In summary, most of the above factors are simply the harsh reality of using an f/1.2 lens on a modern AF-eqipped body that is geared up for lenses at f/2.8 and above… yet countless professionals continue to use this and other wide aperture primes, because we value the amazing images you can capture with them once you’ve learned to live with the issues and frustrations.

50L Practical usage

If I had to pick just one prime lens to use at weddings I’d pick a 50mm, so as a Canon user the top of the line 50L was a no-brainer for me personally. 50mm is a very natural-feeling focal length on a full frame body, giving a field of view that is very similar to what our eyes see. It’s flattering for portraiture and generally produces very honest, true to life images. 50mm is versatile enough for headshots, 3/4 and full body portraits; it gives me a working distance I am comfortable with and feels right for my documentary/reportage style of shooting. Other than group shots and some situations in weddings such as a chapel with restricted space, it’s the lens I leave on my body 80%+ of the time at weddings.

One of the massive bonuses of the 50L is that you get a very bright image in your viewfinder and superb autofocus in low light conditions. The AF isn’t lightning-quick, but it’s solid and accurate. I much prefer to use natural light whenever possible and this lens will almost literally see in the dark; when combined with a camera with good high ISO handling capabilities such as the 5D Mk III, there are very few situations where you won’t be able to get a usable image.

When you do manage to hit focus at f/1.2, something really special happens with the bokeh (out of focus areas). It’s incredibly creamy, dreamy and creates great separation between your subject and the background. Even at narrower apertures it retains a very pleasing quality. It’s a sharp, contrasty lens with great colours.

At over half a kilo, this lens feels just the right size and weight to carry all day long in my hand. It’s fat but not too long and balances beautifully on the 5D Mk III.

Charlie & Paul's Wedding © Harry & Tanya Photography

Detail with the Canon 50L shot wide open at f/1.2

The 50L on paper

If you browse around various internet forums, you’ll see this lens roundly trounced in technical comparisons with lenses such as Sigma’s 50mm 1.4 Art series lens. Many amateur photographers are obsessed with the concept of sharpness, particularly corner-to-corner. Whilst the 50L doesn’t win out in such pixel-peeping comparisons, it brings something else to the table that can’t be expressed in terms of pure numbers and from blown-up photos of test charts; it has unique qualities to its bokeh and draw that are hard to quantify. The ‘look’ a lens produces is a subjective thing and from what I’ve seen, no other 50mm lens creates the kind of look this lens is capable of. Whether it’s the right choice for your kind of photography is for you to decide, but personally I think it’s fantastic for flattering, stylised portraits and thus a great choice for wedding shooters. The Sigma has a different knid of look and is maybe more suitable for other kinds of photography; it’s certainly sharper and with less CA than the 50L, but as I discussed earlier this is a trade off and the Sigma’s bokeh looks a bit flat and boring to me personally.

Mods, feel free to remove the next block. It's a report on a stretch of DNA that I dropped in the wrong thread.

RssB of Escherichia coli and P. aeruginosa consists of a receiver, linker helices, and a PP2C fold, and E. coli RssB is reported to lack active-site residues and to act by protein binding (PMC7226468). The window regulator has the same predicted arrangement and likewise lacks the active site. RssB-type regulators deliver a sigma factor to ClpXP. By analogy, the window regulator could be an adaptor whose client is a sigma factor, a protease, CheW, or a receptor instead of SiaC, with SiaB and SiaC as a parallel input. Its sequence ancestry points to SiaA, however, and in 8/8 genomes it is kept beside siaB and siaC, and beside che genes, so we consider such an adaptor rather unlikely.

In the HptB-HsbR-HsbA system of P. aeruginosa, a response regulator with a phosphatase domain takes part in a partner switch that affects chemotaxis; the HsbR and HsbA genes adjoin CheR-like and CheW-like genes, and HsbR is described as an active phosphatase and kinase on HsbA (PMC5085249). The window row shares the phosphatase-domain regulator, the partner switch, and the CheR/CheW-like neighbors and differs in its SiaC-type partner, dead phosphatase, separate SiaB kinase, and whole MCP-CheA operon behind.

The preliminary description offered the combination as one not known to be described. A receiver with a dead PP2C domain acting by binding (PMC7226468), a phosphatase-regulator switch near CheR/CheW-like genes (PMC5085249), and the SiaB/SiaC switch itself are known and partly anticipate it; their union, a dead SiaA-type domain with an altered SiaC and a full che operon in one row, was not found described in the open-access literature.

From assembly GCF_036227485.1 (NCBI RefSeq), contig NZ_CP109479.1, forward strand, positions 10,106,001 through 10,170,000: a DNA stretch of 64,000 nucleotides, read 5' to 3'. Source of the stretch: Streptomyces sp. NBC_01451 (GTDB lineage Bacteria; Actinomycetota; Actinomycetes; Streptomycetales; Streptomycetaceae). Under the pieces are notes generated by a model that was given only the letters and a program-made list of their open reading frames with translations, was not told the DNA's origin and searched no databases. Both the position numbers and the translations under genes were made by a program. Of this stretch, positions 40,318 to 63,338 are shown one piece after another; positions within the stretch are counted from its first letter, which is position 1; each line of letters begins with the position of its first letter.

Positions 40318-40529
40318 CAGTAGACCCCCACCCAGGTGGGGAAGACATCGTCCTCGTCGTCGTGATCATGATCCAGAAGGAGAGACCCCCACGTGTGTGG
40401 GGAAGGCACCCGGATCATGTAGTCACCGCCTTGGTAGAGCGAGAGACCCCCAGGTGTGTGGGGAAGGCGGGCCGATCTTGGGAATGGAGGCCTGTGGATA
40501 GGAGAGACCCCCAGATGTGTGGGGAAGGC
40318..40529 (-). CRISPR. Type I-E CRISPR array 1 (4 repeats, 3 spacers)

50L Price vs worth

When you first put the 50L on your camera, you can immediately feel the exceptional quality of the lens in your hand. It is built like a tank, with a silky smooth focusing ring, all-metal construction and weather sealing to prevent dust and moisture entering the lens. Are the images it produces 10 times better than those from a 50mm f/1.8? Absolutely not, and it’s definitely possible to produce top quality images using its little sibling. The differences in image quality are subtle, so only you can decide if it’s worth the extra for you and your shooting style. If like me you are a professional and want the very best image quality you can get, the way to look at this lens is as an investment; if you learn to use it correctly and love it for what it is, it will produce the best results possible and last you a lifetime of shooting, something very few could say about the 50mm f/1.8, which feels like a cheap toy in comparison.

After a few months, I stopped being frustrated with the 50L and learned to love it more than any other lens I own; if you decide to take the plunge, make sure you give this beauty a fair chance and be prepared for some humbling experiences when it comes to nailing focus!

Check out the Canon EF 50mm f/1.2L USM on Amazon UK.